ADMINISTRATIVE OFFICES Approximately 4,500 square feet of space will serve as the administrative ofces of the Museum staff, with an additional 2,650 square feet for future expansion potential.
Lower Level/Basement - Approximately 11,000 square feet
The Lower Level includes a loading dock, shared with the Marriott and the Four Seasons hotels; art/exhibition storage; building storage; retail storage; mechanical & electrical rooms; and other security and
maintenance ofces.

Images not for reproduction or distribution without the express permission of


The Contemporary Jewish Museum.
For full press kit and reproduction quality images, contact
Cara Storm, CJM Marketing & Communications at 415-344-8833 or
cstorm@thecjm.org.

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The Contemporary Jewish Museum www.thecjm.org (415) 344-8800

The Contemporary Jewish Museum


Building Fact Sheet

The Museum & Mission


The Contemporary Jewish Museum (formerly The Jewish Museum San Francisco) presents contemporary perspectives and Jewish views on culture, history, art and ideas. Founded in 1984, the Museum has a distinguished
history of presenting scholarly and artistic exhibitions and programs that engage and sustain audiences of all ages
and backgrounds through dialogue and collaboration.
The Building Project
To accommodate its expanded mission and programming, the 20-year-old Contemporary Jewish Museum will be
moving to a new home in the historic Jessie Street Power Substation, originally designed in 1907 by Willis Polk,
and located in the heart of San Franciscos Yerba Buena cultural district. The building schematic design, presented in February 2005, is a creation by world renowned architect Daniel Libeskind, and is an adaptive reuse of
the landmark structure. Characteristic of Mr. Libeskinds designs for Jewish organizations, the extension to the
original structure is resonant with Jewish ideas, specically utilizing the highly symbolic Hebrew letters chet
and yud, key letters in the word LChaimTo Life!
Facility
Approximately 60,000-square-foot facility, compliant with ADA regulations and fully accessible for visitors with
special needs, the new facility will include:
Exhibition Spaces
9500 Sq Ft
Museum Shop
2000 Sq Ft
Education Center
3500 Sq Ft
Main Lobby
2500 Sq Ft
Multi-Purpose Room/Auditorium
3300 Sq Ft
Administrative Ofces
4500 Sq Ft
Special Events/Program Space
2200 Sq Ft
Expansion Potential
2650 Sq Ft
Caf
2100 Sq Ft
Capital Campaign
The Museum is currently conducting a comprehensive Capital Campaign with a working goal of
$75 million, which includes the building costs, endowment and operations.
Estimated cost: $43.1 million for Museum facility; $32.9 million for endowment and startup costs.
Building Timeline
Spring 2006- Groundbreaking
Late 2007- Construction Completion
Museum Leadership
Constance (Connie) WolfDirector and CEO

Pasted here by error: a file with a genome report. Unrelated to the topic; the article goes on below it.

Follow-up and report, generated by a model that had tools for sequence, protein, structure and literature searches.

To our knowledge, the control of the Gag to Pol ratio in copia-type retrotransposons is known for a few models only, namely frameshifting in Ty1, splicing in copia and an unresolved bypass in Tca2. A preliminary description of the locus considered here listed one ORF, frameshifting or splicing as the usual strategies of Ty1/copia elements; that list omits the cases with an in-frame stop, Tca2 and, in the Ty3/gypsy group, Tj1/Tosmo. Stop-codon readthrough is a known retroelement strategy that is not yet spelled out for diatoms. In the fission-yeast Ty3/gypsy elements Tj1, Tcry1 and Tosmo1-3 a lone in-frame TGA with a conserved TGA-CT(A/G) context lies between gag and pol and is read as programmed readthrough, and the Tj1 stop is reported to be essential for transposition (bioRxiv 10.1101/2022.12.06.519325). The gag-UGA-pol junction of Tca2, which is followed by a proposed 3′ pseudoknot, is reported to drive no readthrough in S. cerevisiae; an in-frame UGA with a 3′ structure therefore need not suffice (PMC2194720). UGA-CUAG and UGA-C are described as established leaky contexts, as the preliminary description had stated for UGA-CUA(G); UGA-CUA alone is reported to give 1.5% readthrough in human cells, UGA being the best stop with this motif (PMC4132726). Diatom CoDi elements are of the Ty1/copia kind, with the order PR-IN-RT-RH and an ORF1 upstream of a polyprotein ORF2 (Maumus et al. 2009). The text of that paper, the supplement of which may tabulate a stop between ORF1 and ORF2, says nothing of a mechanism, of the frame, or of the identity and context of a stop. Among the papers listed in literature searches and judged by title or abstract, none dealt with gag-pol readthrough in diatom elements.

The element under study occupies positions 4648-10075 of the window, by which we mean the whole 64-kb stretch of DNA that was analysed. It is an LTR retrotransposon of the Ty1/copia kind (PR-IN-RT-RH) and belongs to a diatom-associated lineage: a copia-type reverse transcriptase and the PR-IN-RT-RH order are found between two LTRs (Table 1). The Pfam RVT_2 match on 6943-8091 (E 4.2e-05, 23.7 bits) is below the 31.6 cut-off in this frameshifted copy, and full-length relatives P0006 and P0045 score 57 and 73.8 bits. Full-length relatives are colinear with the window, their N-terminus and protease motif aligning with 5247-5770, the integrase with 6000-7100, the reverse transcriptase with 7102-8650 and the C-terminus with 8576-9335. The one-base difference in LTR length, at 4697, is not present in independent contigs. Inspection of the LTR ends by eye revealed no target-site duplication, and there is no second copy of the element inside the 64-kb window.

Roselyne C. SwigChair, Board of Trustees
Joseph SeigerMember, Board of Trustees, and Chair, Building Committee
Building Team
Daniel Libeskind, Architect with Chong Partners, A Joint Venture
Architectural Resources Group, Historic Preservation Architects
KPM Consulting
Plant Construction Company, LLP

The Contemporary Jewish Museum www.thecjm.org (415) 344-8800

The Contemporary Jewish Museum


Building Images

Image 01

Image 02

Image 03

Image 04

The images provided in this document are for reference only and not for press reproduction. For full press kit
and reproduction quality images, contact Cara Storm, CJM Marketing & Communications at 415-344-8833
or cstorm@thecjm.org.

The Contemporary Jewish Museum


Building Images

Image 05

Image 06

Image 07

Image 08

The images provided in this document are for reference only and not for press reproduction. For full press kit
and reproduction quality images, contact Cara Storm, CJM Marketing & Communications at 415-344-8833
or cstorm@thecjm.org.

The Contemporary Jewish Museum


Building Images

Image 09

Image 10

Image 11

Image 12

The images provided in this document are for reference only and not for press reproduction. For full press kit
and reproduction quality images, contact Cara Storm, CJM Marketing & Communications at 415-344-8833
or cstorm@thecjm.org.

The Contemporary Jewish Museum


Building Images

Image 13

Image 14

Image 15

Image 16

The images provided in this document are for reference only and not for press reproduction. For full press kit
and reproduction quality images, contact Cara Storm, CJM Marketing & Communications at 415-344-8833
or cstorm@thecjm.org.

The Contemporary Jewish Museum


Building Images

Image 17

The images provided in this document are for reference only and not for press reproduction. For full press kit
and reproduction quality images, contact Cara Storm, CJM Marketing & Communications at 415-344-8833
or cstorm@thecjm.org.

SITE MAP

Future home of

Marriott Hotel
Future location of Yerba Buena
BART Station
Future location of Yerba Buena Lane
(Pedestrian Walkway)
Four Seasons Hotel
St. Patricks Church
Jessie Square
Future home of the Mexican Museum
Argent Hotel
California Historical Society
Sony Metreon
Esplanade Garden
Yerba Buena Center for the Arts
Future home of the
St. Regis Hotel & Museum of
the African Diaspora
San Francisco
Museum of Modern Art
W Hotel San Francisco

N O T D R AW N T O S C A L E

3
4
5
6
7
8
MARKET ST

9
10

11

12
13

STEVENSON ST

14

1
2
6

10

15
16

MISSION ST

The Contemporary
Jewish Museum

14
12

13
15

11
16

THIRD ST

FOURTH ST

H O WA R D S T

The Contemporary
Jewish Museum
415 344-8800
www.thecjm.org